“Westeros needs to be saved from itself.”
In the fight for the Iron Throne, power is paramount. With the death of Tywin Lannister, a vacuum of that very power now exists in the Seven Kingdoms, and character after character is struggling to maneuver him or herself into a better position to obtain that power. When one ruler leaves, another must take its place, and one of the show’s central questions right now is about what exactly being in power means, about what exactly you must do to rise a rung on the ladder.
One thing you have to do? Take advantage of the opportunities that you come across. For example, a new religious group–the Sparrows–comes into town, and we learn that they “never would’ve come to the capital if Tywin were alive”. It’s starting to become open season here, and it’s clear that people like Cersei are constantly trying to gain higher seeding in the Game of Thrones playoffs. As is highlighted in the flashback used to open the episode, Cersei must hold onto that power because there will always be “another queen”, one that is “younger and more beautiful”. It’s just how it is.
Season five in general seems to be intent on tackling the idea of power, and it underscores the pervasive difficulties that come with any position of leadership. For example, Daenerys’s relationship with her dragons seems to be representative of her relationship with Meereen as a whole, and as she says, “I can’t control them anymore”. To that, Daario responds: “A dragon queen without dragons is not a queen.” He tells her that she needs to show her strength, that she’s the Mother of Dragons, but the look on her face after she visits her dragons says it all: things aren’t very certain right now, and she’s in a tricky place. Is she really the Mother of Dragons, or are the children becoming the true parents?
And here, “The Wars to Come” raises the question of power in terms of motivation, setting up the good of the ruled on one side and personal gain and luck on the other. For the latter, we see multiple instances of characters acknowledging and sometimes turning their noses up to the idea: Littlefinger remarks that “the gift of a great name is sometime all one needs”, Varys tells Tyrion that “any fool with a bit of luck can find himself born into power”, and Daario says that “anyone with a chest full of gold can buy an army of Unsullied”. So, we have one way of achieving power–the easy way–being put up against the more difficult–yet arguably more rewarding–way. Varys, for instance, states that everything he did, he did “for the Seven Kingdoms”, and he later goes on to tell Tyrion that “earning [power] for yourself takes work”. Tyrion responds by saying he hopes for a “land where the powerful do not prey on the powerless”. It’s a wonderfully written exchange, and it ends with Tyrion and Varys heading onto the road for more good-natured insults about crates and shit (oh, and that thing where they’ve decided to meet up with Daenerys).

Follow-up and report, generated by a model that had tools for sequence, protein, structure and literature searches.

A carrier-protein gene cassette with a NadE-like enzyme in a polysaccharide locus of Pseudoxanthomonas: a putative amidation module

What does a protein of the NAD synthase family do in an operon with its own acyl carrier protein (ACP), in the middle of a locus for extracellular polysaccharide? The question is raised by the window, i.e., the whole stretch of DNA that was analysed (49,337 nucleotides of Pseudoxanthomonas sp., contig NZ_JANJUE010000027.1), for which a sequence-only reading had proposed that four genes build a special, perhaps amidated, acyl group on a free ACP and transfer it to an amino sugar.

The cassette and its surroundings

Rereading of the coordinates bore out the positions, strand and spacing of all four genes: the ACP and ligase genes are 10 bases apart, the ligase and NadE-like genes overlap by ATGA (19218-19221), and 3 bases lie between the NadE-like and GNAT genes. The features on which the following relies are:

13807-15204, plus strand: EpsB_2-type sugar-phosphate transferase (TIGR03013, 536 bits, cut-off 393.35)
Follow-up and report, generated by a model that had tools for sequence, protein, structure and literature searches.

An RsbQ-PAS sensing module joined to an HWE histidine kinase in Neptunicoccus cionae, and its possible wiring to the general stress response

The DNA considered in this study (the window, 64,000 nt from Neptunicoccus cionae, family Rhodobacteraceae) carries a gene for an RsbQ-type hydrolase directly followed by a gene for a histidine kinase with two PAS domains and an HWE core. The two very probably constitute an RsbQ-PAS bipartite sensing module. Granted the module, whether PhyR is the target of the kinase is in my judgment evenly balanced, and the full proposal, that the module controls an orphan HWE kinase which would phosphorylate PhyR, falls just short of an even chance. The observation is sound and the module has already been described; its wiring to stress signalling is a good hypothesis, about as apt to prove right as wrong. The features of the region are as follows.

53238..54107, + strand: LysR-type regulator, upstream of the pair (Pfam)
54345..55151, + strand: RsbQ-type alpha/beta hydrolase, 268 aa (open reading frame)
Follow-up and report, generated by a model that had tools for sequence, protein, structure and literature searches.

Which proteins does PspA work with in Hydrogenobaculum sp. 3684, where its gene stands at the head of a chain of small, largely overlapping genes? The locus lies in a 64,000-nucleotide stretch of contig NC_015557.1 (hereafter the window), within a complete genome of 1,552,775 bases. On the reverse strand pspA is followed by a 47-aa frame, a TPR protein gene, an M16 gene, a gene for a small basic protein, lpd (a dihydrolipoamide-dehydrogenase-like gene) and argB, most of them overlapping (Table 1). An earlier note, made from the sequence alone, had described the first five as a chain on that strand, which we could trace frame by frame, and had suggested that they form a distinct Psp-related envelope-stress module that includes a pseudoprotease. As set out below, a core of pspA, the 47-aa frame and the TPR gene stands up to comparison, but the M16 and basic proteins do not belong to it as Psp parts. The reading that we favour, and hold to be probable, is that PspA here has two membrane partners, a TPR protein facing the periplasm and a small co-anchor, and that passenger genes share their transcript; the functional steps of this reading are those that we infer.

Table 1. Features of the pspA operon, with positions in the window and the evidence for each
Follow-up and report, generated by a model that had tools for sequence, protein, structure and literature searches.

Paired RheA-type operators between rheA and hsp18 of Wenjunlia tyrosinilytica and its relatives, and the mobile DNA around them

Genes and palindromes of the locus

Elsewhere, the Jon Snow-Mance Rayder storyline also deals with the idea of power and what it means. At one point, Snow tells Rayder that “you didn’t do it for power; you didn’t do it for glory; you did it to save them”. It’s an important line because at the end of the day, leadership comes back around to actually leading a group of people. The survival of the whole comes into contact with the desires of the individual here, and Snow accuses Rayder of being driven by his pride rather than by his peoples’ needs. Rayder, however, responds: “The freedom to make my own mistakes is all I ever wanted.” When Melisandre goes on about choosing light or darkness and good or evil and the true god or the false one, we realize that these are very limited options. We realize that in the quest for power, one thing that may fall by the wayside is true freedom. We may have “one true king”, but what comes at the expense of attaining that position? In the long run, perhaps Stannis Baratheon will be the one burning alive, an arrow in his chest as he looks out into the darkness. After all, there’s always someone waiting to take your place.
-Each of these episodes can be quite overwhelming to review due to the sheer number of storylines, so keep in mind that I will not touch on every plot point of this premiere.
-Seeing as Emilia Clarke is unwilling to do anymore nude scenes–which is her right, so good for her–she now has to do those “the blanket is somehow able to stick to my chest” scenes.
-Ciaran Hinds was fantastic in his role. He’ll be missed.
-This review went up right at 9:00 because I was able to watch the episode early. However, I most likely won’t be reviewing any more episodes until the penultimate episode of the season (this is not an easy show to write about for me, and Sundays are extremely crowded). Enjoy the season, and I’ll see you then.
Photo credit: HBO, Game of Thrones